Italy's 3x3 hero D'Alie is shooting for Olympic Gold

10 Jun 2021

DEBRECEN (Hungary) - Mesmerized by the Rio Olympics, Rae Lin D'Alie wrote in her journal a passionate note vowing to be at the Tokyo Games representing her beloved Italy at 3x3.

Five years later, with one ticket to Tokyo up for grabs at the Universality Olympic Qualifying Tournament in Hungary, the 5ft4in (1.63m) dynamo penned in her trusted journal the words 'today is the day' as all the blood, sweat and tears had come down to the event's finale.

"This has been a five-year journey," D’Alie said. "(The night before the game) I said for two hours straight - 'I am an Olympic athlete',

"Everything we had been through as a team and the world has been through with COVID-19… not knowing if we would make it to this day.

"And then we made it to this day."

D'Alie, who is one of the most beloved 3x3 players and affectionately known as 'Rae Rae', was confident ahead of the knockout stage and even forecasted that Italy would play host Hungary in the final.

After dominating the talented Netherlands with a game-high 8 points in the semi-finals, the 33-year-old's wish was granted but she knew this would be the toughest game of her life.

The experienced D’Alie had played in plenty of big games before and memorably led Italy to glory during an MVP run at the FIBA 3x3 World Cup 2018, where it almost seemed like she became the most popular athlete in the Philippines since Manny Pacquiao's heyday.

But this would be an entirely different challenge. The passionate Debrecen crowd – a full house of vaccinated fans in probably the best atmosphere seen in 3x3 since the pandemic - was obviously fully behind Hungary who boasted dynamic duo Cyesha Goree and Dora Medgyessy.

"I had a feeling we would see the home team in the final," D'Alie said. "I knew the challenge ahead of us and knew that it wasn't Manila and we wouldn't have the crowd."

True to her words, the final became a dogfight with little separating the two teams in a tense see-saw battle. At the worst possible moment, D'Alie couldn't get her spectacular game going. Her scintillating handles and drives down the lane like she's steering a Ferrari were absent in a cold-shooting performance.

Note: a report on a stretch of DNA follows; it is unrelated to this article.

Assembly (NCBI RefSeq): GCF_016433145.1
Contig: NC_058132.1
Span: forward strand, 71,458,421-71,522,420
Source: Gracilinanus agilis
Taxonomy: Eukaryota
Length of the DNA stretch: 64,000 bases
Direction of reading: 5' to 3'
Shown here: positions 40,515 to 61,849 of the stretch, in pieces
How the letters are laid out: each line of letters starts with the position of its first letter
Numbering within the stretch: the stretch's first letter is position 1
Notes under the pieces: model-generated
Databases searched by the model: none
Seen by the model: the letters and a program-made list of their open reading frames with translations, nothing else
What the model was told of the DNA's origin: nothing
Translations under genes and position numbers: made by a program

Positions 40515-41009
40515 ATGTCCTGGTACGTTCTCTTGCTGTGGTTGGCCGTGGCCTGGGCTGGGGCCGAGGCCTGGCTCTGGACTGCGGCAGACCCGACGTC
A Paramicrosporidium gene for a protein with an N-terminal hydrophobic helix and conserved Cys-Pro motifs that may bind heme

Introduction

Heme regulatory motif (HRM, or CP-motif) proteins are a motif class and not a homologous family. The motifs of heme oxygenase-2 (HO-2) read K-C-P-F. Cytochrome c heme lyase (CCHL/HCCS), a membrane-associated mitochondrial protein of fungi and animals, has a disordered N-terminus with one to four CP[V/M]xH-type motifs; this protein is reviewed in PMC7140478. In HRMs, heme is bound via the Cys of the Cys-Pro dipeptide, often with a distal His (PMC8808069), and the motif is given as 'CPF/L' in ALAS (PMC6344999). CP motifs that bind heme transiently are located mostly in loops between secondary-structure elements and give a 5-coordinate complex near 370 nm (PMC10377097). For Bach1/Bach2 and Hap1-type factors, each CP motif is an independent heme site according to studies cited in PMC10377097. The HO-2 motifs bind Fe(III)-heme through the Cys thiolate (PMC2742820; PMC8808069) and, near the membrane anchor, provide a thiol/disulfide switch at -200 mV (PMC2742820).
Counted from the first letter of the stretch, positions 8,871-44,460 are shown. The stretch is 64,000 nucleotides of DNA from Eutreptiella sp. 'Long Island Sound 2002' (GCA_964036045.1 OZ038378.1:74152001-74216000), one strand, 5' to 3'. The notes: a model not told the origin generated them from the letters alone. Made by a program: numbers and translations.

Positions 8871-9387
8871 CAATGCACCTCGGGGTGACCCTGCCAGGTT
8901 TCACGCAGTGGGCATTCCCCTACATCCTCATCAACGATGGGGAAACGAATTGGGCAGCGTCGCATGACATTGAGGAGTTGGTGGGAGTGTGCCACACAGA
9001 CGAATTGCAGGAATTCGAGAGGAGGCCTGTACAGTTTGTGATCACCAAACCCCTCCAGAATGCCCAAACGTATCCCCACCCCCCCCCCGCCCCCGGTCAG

Despite their leader's struggles, this gritty Italy team were determined to make up for their shock early exit at the Olympic Qualifying Tournament in Austria. They were relieved to have a second chance but knew there would be no tomorrow.

They managed to shut down the potent Hungary, who were reliant on Goree for buckets, but the game was more physically draining than the Mayweather-Paul fight. Italy were gassed with three minutes left but played with heart to lead 12-11 with 26 seconds left.

Hungary then took a timeout with the ball in hand.

"We got to the huddle and I said 'Girls are you ready? We are about to go to Tokyo. Play defense, get the ball and let's go'," D’Alie recalled.

But the brilliant Goree had other ideas as she hit a tough turnaround down low to level the scores and ensure the home fans partied like it was 1999.

Even though she had shot just 1-of-13, D'Alie knew the ball was going to be in her hands for the biggest play of her career.

"I'm thinking of the pick n' roll but they are giving me space to play one-on-one," she said. "I saw the clock was ticking down and I just pulled up."

This deserved a Hollywood ending but not even Aaron Sorkin could have written a better script. With no sign of nerves, an ice cool D'Alie drained the killer jumper with two seconds left to stun the home crowd like a pin had been inserted into a balloon.

"When it went in, I just thought don't let them take a two," she said.

A frantic Goree raced beyond the arc but couldn't get a two off in time as Italy's fairy tale came alive.

"When the buzzer went we were in a state of shock and weren't able to observe the joy of the moment," D’Alie said.

Even hours later, Italy's hero was beaming with pride. "I'm so proud of this team because we mentally came to play," she said.

"Our unity was our strength from the moment our preparation started. I've rarely experienced that emotional unity before."

It was an achievement to savor but the ultra-competitive D'Alie isn't merely satisfied with qualifying for Tokyo. She's aiming for the absolute pinnacle in sports - Olympic Gold.

"This was a huge step towards a dream but I don't want to go to the Olympics just to be there. I want to win," she said. "Now is the time to work hard and enjoy the ride.

"And do something more special."

FIBA